Arrow gets personal as the series delves deeper into its island mythology and Oliver (Stephen Arnell) goes to semi-great lengths to prove he’s not a vigilante.
Let’s bitch it out…In some ways, Arrow reminds me of early S1 Revenge: both shows feature overly skilled avengers on the hunt for vengeance, enacting their own unique brand of justice while lying to the ones closest to them. That description is broad enough that it could be used for nearly any superhero story, but the comparison to Revenge is apt because that show initially relied heavily on “red sharpie” take-downs-of-the-week until around the sixth or seventh episode when things became exponentially more complicated. I can see Arrow walking this same thin line, especially in recent episodes which have begun to rely less on action and generic villains from Oliver’s list of names. Instead we’ve had more scenes dedicated to Oliver trying to patch things up (somewhat) with his family and friends and a new level of mythology has been introduced with the introduction of the suave gentleman played by John Barrowman last week..
These are important developments because if the show is to succeed in the long run, it needs to make us care about Ollie’s plight, as well as those around him. This is not to say that the show isn’t a success; it’s the highest rated show since the debut of The Vampire Diaries and it’s already been granted a full season pick-up. Instead, I’m referring to success in the sense that viewers connect to the show beyond its well-executed action sequences and “golly gee” techno-gadgets.
In this regard ‘Damaged’ is the series’ best episode yet. Crucially it’s also one of the least action-oriented, so the show is already testing its less patient audience members. Instead of stunts and training montages, we spend long periods of time with Oliver and Laurel (Katie Cassidy). This follows a pattern where Oliver recently re-connected with his younger sister Thea (Willa Holland), whose character has been toned down from her initial characterization as The O.C. party bitch. Now it’s Laurel’s turn, which marks another crucial step for the show: the believability of the central couple.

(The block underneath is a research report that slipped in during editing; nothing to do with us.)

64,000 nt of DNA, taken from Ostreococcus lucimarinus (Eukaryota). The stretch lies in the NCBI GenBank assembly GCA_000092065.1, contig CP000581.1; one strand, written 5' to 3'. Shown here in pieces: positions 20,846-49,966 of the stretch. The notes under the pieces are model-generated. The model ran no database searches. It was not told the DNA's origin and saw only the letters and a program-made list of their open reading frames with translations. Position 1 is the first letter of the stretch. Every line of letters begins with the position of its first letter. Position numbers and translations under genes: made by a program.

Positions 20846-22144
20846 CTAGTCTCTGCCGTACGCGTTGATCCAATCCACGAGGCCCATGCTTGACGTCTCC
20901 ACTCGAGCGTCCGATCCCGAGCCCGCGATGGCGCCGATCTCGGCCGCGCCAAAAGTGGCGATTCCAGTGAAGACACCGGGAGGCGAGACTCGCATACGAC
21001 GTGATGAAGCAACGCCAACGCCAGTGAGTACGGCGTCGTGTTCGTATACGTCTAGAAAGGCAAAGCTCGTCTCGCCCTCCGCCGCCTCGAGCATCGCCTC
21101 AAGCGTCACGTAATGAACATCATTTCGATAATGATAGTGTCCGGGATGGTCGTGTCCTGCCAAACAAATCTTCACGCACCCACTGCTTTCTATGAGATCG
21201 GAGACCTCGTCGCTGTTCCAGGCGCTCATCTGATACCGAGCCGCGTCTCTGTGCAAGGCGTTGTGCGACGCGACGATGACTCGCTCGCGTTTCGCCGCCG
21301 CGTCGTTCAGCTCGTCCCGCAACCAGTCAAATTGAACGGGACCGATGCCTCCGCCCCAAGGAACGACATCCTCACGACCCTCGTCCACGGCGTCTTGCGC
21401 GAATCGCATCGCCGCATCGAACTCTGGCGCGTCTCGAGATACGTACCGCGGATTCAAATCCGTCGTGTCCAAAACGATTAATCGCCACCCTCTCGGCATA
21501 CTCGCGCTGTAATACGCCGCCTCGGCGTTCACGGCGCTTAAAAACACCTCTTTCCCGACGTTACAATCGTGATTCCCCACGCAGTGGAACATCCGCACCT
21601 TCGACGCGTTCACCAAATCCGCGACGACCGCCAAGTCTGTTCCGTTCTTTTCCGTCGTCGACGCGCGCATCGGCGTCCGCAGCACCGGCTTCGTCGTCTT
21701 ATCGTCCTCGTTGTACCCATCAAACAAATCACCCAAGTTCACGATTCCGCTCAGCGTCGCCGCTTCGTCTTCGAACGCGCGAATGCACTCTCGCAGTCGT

Obviously Arnell and Cassidy look good together and their characters have a tense chemistry that clearly indicates they’d like to see each other without clothes on. This is why it’s so nice that they kiss (admittedly who wouldn’t want to smack one on Oliver after a significant scar-y grope session – hot or not?) – because it suggests that the show is aware that its audience can tell these two will end up together and it’s not waiting to dangle it in a season finale.
The success of Oliver’s plan to attract unwanted attention to himself early on so that he prove that he’s not “the hood” requires a certain suspension of disbelief. Much like the Emily character on Revenge, investment in Arrow requires that we believe our protagonist is always one step ahead of everyone else. All things considered it’s no big surprise that the show trots this out , including the expected scene in which Diggs (David Ramsey) wears the hood while Oliver is visible in a completely different location, but these circumstances helpfully draw out the unresolved feelings between the billionaire playboy and his family and friends. Moira (Susanna Thompson) remains a little one-dimensional and Detective Lance (Paul Blackthorne) a little caricaturish, but both get to react nicely to Oliver’s charges.